SILENCE: Scorsese Does Japan

In bringing SILENCE to the big screen, the legendary Martin Scorsese did something he hasn’t done in 20 years. The last time he both directed a movie and wrote the screenplay was CASINO. While neither effort was awarded back in 1995, most film critics seem to agree that CASINO was a great film. Given the subject matter, I don’t expect SILENCE to be as popular, but it’s still just as high quality despite being a significantly different film in many respects.


Based on the highly regarded novel by Shusaku Endo, the historically based story takes us to 1600’s Japan. Two priests travel to Nagasaki in search of their mentor, Father Ferreira (Liam Neeson), whose correspondence letters stopped as reports arrived that he had renounced his faith under threat of persecution. Upon arriving, Father Rodrigues (Andrew Garfield) and Father Garrpe (Adam Driver) split up and work with the underground Christian communities to find their mentor. Along the way, their faiths are tested by a government which seeks to stamp out the religion in Japan.

The landscapes are breathtaking. The cinematography at work here deserves to be officially recognized, because nearly all the shots in the film are very artistically composed. The rocky hillside forests along the beach are the types of locations that help make going to the movies so rewarding. Even in scenes where horrible things are happening, or the conditions are harsh, these are places that just evoke a wow’ed response from those of us who have never been there.


The choice to go without musical accompaniment was somewhat bold on Scorsese’s part, but it was a good one. Although I wish it had been utilized more frequently, especially given the film’s name and the main theme of the movie’s second half, the times where there was complete silence felt powerful. Perhaps if the film had a score, the times where everything went silent might’ve had more impact.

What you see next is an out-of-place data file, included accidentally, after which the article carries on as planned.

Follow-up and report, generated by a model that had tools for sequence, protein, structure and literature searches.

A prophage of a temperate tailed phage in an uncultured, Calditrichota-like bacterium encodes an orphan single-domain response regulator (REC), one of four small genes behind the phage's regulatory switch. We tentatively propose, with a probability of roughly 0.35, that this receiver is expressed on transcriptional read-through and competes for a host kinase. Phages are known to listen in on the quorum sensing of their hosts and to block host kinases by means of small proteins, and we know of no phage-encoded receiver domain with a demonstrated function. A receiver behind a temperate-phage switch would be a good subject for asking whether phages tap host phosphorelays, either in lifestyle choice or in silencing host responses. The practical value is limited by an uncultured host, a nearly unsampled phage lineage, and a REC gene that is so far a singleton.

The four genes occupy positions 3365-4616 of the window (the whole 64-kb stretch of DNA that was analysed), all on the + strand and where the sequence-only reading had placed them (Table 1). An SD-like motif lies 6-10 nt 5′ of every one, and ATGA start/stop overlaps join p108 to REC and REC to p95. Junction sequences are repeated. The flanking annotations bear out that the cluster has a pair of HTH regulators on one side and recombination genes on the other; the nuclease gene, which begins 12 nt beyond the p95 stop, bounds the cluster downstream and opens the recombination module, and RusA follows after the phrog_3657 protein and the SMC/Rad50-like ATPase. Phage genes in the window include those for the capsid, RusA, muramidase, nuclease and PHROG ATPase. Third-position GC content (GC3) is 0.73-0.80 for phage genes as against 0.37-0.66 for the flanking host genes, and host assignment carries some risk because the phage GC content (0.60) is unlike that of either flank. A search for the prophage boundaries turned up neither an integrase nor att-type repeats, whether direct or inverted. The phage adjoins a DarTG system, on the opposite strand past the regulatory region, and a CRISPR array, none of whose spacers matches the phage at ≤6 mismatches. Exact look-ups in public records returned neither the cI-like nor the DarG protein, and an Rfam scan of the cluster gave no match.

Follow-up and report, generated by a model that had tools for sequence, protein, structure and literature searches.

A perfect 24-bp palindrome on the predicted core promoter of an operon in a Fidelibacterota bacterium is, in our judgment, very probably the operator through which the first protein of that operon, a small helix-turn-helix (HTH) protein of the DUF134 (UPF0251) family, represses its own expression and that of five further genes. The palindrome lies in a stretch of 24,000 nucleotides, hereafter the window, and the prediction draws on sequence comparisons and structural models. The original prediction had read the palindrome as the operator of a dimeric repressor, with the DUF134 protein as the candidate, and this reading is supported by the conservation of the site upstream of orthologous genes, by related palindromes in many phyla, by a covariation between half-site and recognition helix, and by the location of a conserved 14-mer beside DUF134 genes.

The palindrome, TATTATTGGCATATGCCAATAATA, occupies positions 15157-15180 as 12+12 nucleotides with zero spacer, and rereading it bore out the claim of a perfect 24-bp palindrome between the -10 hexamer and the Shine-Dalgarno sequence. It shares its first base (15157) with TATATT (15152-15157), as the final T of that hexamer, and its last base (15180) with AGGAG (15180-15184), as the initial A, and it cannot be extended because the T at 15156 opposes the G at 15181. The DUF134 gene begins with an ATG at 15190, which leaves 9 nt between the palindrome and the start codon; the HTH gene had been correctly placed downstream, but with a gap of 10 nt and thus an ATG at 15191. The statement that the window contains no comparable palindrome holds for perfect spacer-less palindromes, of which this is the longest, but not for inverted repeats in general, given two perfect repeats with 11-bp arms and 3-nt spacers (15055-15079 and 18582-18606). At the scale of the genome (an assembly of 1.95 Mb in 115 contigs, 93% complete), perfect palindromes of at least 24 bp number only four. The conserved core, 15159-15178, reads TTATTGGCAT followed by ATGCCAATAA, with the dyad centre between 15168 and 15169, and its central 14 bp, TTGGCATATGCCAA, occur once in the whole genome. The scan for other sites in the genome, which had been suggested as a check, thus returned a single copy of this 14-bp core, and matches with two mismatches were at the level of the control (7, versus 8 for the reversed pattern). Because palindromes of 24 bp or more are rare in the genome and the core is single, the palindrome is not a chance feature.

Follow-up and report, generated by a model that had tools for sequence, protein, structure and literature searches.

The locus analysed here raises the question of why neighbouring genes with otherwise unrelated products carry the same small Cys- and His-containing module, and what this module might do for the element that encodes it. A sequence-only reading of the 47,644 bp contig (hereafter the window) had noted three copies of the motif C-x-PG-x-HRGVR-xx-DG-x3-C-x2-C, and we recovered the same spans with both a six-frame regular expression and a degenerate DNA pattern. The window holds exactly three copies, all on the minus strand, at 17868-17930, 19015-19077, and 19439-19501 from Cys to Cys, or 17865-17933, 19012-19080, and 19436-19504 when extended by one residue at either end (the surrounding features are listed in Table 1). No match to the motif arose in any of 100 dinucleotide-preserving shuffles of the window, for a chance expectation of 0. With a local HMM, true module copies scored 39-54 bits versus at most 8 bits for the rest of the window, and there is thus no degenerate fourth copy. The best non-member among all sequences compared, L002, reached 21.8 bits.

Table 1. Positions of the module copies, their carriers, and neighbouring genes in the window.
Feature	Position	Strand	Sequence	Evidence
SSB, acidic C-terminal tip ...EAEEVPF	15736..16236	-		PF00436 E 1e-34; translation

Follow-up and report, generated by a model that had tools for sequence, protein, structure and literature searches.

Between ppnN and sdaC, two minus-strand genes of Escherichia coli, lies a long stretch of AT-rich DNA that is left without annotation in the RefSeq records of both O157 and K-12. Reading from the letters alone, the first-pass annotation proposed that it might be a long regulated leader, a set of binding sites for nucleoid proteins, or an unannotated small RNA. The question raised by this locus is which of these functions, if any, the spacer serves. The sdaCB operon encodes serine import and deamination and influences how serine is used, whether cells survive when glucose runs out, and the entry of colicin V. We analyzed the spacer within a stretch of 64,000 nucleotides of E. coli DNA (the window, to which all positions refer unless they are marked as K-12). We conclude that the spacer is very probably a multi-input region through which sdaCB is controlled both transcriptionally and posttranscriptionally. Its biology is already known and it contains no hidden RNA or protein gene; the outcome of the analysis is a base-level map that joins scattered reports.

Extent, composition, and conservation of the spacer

The acting performances were really good. I’ve yet to see Andrew Garfield act in something where he didn’t seem to be giving himself entirely to the role. SILENCE is no different, except perhaps that it was a very meaty, emotion-filled part with plenty of opportunity for him to put his skills on display. There were great scenes where Father Rodrigues (Garfield’s character) had interactions with another actor, and others where he stood alone and captivated with his emotional monologues. I would not be surprised if he gets nominated for Best Actor here. I would certainly support that decision over what came forth from Casey Affleck in MANCHESTER BY THE SEA.


In supporting roles, neither Liam Neeson nor Adam Driver had enough in the way of on-screen time to be lauded for their work. However, Issei Ogata should be recognized by the Academy Awards for his supporting role as Inoue Masashige. Going into a film about religious persecution, there are certain characteristics which come to mind when imagining the antagonist. What Issei brings to a very complex role makes for a great portrayal of a historic figure who wasn’t a stereotypical persecutor of Christians.


As someone who never studied the history of Japan (or much of Asia, for that matter), I found the topic very interesting, both because of the success Christians had in bringing their religion to Japan at a time before the United States was even founded, and because of the way in which the Japanese officials drove Christians into hiding as they tried to stomp out the belief system from their country. While I’m not surprised that Christianity took root in Japan, I figured it might’ve started there in the 1800’s or 1900’s due to the distance Christians would’ve had to travel to reach the island nation, and the traditionally non-Christian countries that act as somewhat of a border between Europe and East Asia.

While this is a phenomenal movie, I’m not certain if it’s the type of film that will appeal to mass audiences. Christians will likely appreciate it, as should those interested in history and those who like learning about different cultures. But if history isn’t something you enjoy studying, or you don’t much care for the plight of people persecuted for their religious beliefs, especially Christians, this movie probably wouldn’t hold their interest. For me, it really did.

My rating: 95 out of 100


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